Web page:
With voters focused intently on pocketbook issues, both Mitt Romney and President Barack Obama are framing their faith outreach efforts around the economy as the presidential campaign enters its final weeks.
That marks a shift from previous election cycles, campaign advisers say. “That’s a major difference between this election and the last. The economy is the single issue that transcends every demographic, every coalition, every interest group,” said Mark DeMoss, an evangelical who has led Romney’s efforts to rally conservative Christians—a key Republican voting bloc—around the GOP nominee, who is a Mormon.
“Evangelicals are no less interested in the unemployment rate and the cost of living than nonevangelicals,” DeMoss added.
Those concerns are reflected in voter outreach efforts by religious conservatives, who are often associated almost exclusively with hot-button social issues related to sexual morality. For example, the Faith and Freedom Coalition, which is led by longtime evangelical activist Ralph Reed, has a voter guide that lists tax cuts and a balanced-budget amendment ahead of same-sex marriage and abortion.
Reed’s group, a successor to his Christian Coalition, says it plans to distribute 40 million voter guides, knock on a million doors and make 15 million get-out-the-vote phone calls. The Faith and Freedom Coalition is also building a database of more than 17 million conservative religious voters.
On the Democratic side, the top issues listed on Obama’s faith platform are “economic recovery,” followed by “tax fairness” and “Wall Street reform.”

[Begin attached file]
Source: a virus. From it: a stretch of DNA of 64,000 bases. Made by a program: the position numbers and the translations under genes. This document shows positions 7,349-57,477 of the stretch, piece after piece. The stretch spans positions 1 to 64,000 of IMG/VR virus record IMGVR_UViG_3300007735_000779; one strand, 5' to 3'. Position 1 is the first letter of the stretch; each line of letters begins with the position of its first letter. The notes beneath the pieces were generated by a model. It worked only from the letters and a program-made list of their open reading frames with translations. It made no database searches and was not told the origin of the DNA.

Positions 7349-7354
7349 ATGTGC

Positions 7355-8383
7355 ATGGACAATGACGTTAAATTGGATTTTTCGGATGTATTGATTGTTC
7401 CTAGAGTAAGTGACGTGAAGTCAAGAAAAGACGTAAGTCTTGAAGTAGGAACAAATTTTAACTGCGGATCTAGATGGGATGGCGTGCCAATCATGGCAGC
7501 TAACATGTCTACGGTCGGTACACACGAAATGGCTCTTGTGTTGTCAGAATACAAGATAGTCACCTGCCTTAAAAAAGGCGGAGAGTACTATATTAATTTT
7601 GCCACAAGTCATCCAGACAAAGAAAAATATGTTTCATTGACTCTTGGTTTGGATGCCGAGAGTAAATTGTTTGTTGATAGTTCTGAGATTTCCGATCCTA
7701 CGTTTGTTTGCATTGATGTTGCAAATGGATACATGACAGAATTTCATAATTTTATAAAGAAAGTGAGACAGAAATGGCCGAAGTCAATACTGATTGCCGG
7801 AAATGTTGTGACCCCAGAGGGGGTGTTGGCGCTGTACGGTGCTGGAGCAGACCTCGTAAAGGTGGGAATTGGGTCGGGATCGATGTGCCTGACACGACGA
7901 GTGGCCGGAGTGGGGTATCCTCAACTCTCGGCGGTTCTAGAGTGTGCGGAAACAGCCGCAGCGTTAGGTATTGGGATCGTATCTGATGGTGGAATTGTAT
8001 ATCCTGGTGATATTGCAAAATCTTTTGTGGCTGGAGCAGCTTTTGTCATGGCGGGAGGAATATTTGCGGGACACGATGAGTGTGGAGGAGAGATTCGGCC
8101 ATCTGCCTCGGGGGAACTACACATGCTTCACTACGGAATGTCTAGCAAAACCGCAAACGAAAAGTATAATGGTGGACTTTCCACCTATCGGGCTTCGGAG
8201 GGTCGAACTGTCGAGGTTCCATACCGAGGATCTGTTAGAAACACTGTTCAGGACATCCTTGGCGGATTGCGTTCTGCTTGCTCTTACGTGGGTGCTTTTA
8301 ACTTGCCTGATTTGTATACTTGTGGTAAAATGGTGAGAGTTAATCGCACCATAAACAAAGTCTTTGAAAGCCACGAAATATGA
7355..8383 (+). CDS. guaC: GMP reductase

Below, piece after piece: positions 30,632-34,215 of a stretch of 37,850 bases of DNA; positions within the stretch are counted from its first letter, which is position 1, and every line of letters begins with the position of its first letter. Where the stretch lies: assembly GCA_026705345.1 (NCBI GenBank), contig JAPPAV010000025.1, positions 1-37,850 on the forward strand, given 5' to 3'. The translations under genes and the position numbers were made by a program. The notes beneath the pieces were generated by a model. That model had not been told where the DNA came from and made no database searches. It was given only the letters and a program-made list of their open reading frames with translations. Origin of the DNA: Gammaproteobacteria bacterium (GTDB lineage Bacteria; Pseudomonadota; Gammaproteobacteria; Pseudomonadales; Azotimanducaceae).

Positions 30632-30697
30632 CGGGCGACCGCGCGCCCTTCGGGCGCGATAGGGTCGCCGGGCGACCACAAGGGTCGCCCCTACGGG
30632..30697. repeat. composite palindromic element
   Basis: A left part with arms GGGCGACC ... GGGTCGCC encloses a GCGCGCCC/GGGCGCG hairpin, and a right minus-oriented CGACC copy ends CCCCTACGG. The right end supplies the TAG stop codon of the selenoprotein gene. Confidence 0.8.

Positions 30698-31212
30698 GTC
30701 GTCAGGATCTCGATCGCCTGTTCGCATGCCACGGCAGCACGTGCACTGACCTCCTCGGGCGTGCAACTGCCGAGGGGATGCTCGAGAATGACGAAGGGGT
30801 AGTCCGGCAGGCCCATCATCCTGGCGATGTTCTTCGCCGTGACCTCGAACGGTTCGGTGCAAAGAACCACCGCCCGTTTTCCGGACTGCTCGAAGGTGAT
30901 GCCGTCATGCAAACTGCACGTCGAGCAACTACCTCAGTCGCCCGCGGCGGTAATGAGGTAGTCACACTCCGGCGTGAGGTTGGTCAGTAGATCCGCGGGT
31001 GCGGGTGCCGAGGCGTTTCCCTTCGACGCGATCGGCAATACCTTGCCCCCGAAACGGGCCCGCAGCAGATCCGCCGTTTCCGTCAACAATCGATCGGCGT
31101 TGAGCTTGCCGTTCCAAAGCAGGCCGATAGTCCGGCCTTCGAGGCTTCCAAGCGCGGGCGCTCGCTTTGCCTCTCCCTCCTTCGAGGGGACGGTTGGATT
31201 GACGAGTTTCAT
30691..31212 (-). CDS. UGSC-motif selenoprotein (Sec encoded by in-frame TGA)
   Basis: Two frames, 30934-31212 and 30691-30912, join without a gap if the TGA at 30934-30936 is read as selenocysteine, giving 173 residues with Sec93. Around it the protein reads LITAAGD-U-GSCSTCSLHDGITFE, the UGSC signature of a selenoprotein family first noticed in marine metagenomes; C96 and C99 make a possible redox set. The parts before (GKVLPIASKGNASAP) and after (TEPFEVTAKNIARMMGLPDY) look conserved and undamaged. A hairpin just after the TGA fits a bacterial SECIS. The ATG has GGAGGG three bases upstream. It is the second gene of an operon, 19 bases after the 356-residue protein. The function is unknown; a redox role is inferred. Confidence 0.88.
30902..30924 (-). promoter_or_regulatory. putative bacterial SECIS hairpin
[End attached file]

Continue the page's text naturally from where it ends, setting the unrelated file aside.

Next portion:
Citing the apostle Paul, the platform says that “President Obama’s belief that we are all connected—that, as 1 Corinthians says, ‘If one part suffers, every part suffers with it’—has anchored him as he has worked tirelessly to lead with values.” The platform then lists “basic economic security for everyone who is willing and able to work,” as well as retirement security and affordable health care.
In mid-September, the campaign launched People of Faith for Obama, which includes a three-minute video of the president framing key decisions in his first term, such as the bailout of auto companies and the reform of the health-care system, as driven by moral concerns.
“I’m standing on the side of human dignity,” Obama says in the video, “and a belief in the inherent worth of all human beings.”
Couching the economic message in faith terms makes sense, experts say. Surveys have consistently shown that the economy, jobs, the budget deficit and other issues easily outstrip abortion and other social issues as voter priorities.
“Some of the usual issues may not be percolating in this election,” Michael Wear, the Obama campaign’s national faith vote coordinator, told journalists meeting October 5 in Bethesda, Maryland, for the annual Religion Newswriters Association conference.
“We are seeing a broadening of issues that are related to faith,” said Wear, who was joined on the panel by DeMoss as well as Broderick Johnson, head of Obama’s Catholic outreach campaign. —RNS